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Sampling and pyrosequencing methods for characterizing bacterial communities in the human gut using 16S sequence tags.

Wu GD, Lewis JD, Hoffmann C, Chen YY, Knight R, Bittinger K, Hwang J, Chen J, Berkowsky R, Nessel L, Li H, Bushman FD - BMC Microbiol. (2010)

Bottom Line: In the weighted analysis considerable variation was associated with the purification methods.Particularly notable was improved recovery of Firmicutes sequences using the hot phenol method.We also carried out surveys of the effects of different 454 sequencing methods (FLX versus Titanium) and amplification of different 16S rRNA variable gene segments.

View Article: PubMed Central - HTML - PubMed

Affiliation: Division of Gastroenterology, University of Pennsylvania School of Medicine, Philadelphia, PA 19104-6076 USA. gdwu@mail.med.upenn.edu

ABSTRACT
Intense interest centers on the role of the human gut microbiome in health and disease, but optimal methods for analysis are still under development. Here we present a study of methods for surveying bacterial communities in human feces using 454/Roche pyrosequencing of 16S rRNA gene tags. We analyzed fecal samples from 10 individuals and compared methods for storage, DNA purification and sequence acquisition. To assess reproducibility, we compared samples one cm apart on a single stool specimen for each individual. To analyze storage methods, we compared 1) immediate freezing at -80 degrees C, 2) storage on ice for 24 or 3) 48 hours. For DNA purification methods, we tested three commercial kits and bead beating in hot phenol. Variations due to the different methodologies were compared to variation among individuals using two approaches--one based on presence-absence information for bacterial taxa (unweighted UniFrac) and the other taking into account their relative abundance (weighted UniFrac). In the unweighted analysis relatively little variation was associated with the different analytical procedures, and variation between individuals predominated. In the weighted analysis considerable variation was associated with the purification methods. Particularly notable was improved recovery of Firmicutes sequences using the hot phenol method. We also carried out surveys of the effects of different 454 sequencing methods (FLX versus Titanium) and amplification of different 16S rRNA variable gene segments. Based on our findings we present recommendations for protocols to collect, process and sequence bacterial 16S rDNA from fecal samples--some major points are 1) if feasible, bead-beating in hot phenol or use of the PSP kit improves recovery; 2) storage methods can be adjusted based on experimental convenience; 3) unweighted (presence-absence) comparisons are less affected by lysis method.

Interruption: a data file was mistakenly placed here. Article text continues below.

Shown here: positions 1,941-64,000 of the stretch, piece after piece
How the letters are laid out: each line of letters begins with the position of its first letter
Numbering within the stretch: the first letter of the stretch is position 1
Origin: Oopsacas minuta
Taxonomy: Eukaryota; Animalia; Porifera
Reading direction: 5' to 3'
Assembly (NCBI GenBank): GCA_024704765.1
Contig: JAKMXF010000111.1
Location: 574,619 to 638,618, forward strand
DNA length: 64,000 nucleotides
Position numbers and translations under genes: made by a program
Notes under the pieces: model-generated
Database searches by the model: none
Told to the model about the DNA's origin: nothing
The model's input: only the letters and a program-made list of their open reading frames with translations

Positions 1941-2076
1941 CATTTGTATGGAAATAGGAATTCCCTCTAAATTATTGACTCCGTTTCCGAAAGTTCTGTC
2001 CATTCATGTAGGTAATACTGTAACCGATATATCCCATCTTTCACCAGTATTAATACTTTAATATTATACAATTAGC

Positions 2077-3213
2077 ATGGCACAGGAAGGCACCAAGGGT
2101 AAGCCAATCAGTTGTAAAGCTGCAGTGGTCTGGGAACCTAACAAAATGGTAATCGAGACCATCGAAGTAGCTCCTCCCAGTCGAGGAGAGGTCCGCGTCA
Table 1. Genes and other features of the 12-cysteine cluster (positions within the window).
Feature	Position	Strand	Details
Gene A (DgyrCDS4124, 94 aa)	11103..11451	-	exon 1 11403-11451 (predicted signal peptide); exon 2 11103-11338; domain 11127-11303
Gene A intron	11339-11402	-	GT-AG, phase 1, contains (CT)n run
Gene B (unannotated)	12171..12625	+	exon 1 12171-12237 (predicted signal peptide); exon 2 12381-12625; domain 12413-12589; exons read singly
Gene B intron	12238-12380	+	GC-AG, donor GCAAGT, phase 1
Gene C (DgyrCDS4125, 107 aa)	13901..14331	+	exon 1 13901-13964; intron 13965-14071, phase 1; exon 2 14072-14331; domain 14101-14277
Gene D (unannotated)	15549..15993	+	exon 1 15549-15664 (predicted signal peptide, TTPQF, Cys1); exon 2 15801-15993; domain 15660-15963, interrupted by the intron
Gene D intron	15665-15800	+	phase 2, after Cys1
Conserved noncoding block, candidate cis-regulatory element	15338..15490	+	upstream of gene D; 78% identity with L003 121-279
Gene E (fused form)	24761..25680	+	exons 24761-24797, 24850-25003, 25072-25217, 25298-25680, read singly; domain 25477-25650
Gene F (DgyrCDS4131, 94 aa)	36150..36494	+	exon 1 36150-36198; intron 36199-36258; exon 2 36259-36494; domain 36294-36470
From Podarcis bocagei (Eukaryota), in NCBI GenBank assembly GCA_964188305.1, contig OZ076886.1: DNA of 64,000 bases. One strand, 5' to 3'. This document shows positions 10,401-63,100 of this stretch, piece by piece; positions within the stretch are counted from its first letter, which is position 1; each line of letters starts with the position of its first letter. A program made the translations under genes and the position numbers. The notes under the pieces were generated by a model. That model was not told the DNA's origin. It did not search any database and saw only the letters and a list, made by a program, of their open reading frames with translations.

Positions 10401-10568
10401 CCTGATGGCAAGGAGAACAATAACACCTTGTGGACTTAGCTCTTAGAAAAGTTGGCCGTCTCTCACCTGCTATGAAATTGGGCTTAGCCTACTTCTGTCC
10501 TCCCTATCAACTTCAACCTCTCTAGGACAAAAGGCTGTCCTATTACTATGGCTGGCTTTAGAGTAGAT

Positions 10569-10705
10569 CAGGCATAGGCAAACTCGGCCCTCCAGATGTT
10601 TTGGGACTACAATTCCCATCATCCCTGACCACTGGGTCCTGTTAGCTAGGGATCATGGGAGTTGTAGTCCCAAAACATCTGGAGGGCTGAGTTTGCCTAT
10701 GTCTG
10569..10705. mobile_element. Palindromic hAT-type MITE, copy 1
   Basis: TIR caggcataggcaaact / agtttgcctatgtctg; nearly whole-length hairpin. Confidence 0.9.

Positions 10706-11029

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Analysis of recovery efficiency after 454/Roche GS FLX sequencing of a cloned DNA mock community. A) Bar graph illustrating proportional recovery of 16S rRNA gene pyrosequence reads from a plasmid DNA mock community. A total of 28,161 sequence reads were used for this analysis (Additional File 4). Each of the 10 templates consisted of a bacterial 16S rRNA gene sequence cloned in a bacterial plasmid. "Even mix" indicates that the same copy number for each of the 10 templates was used in the amplification reaction. "Staggered mix" indicates different amounts. The "Staggered mix 2" sample was amplified with a different polymerase mixture (Promega's GreenTaq Master Mix, Madison, WI) instead of AmpliTaq which was used in all other experiments, revealing that the two mixtures yielded similar results. The taxonomic assignments in this and subsequent figures are color coded as indicated. B) Scatter plot comparing the theoretical proportion of each input sequences (x-axis) to the proportions inferred from 454 GS FLX sequence data (y-axis).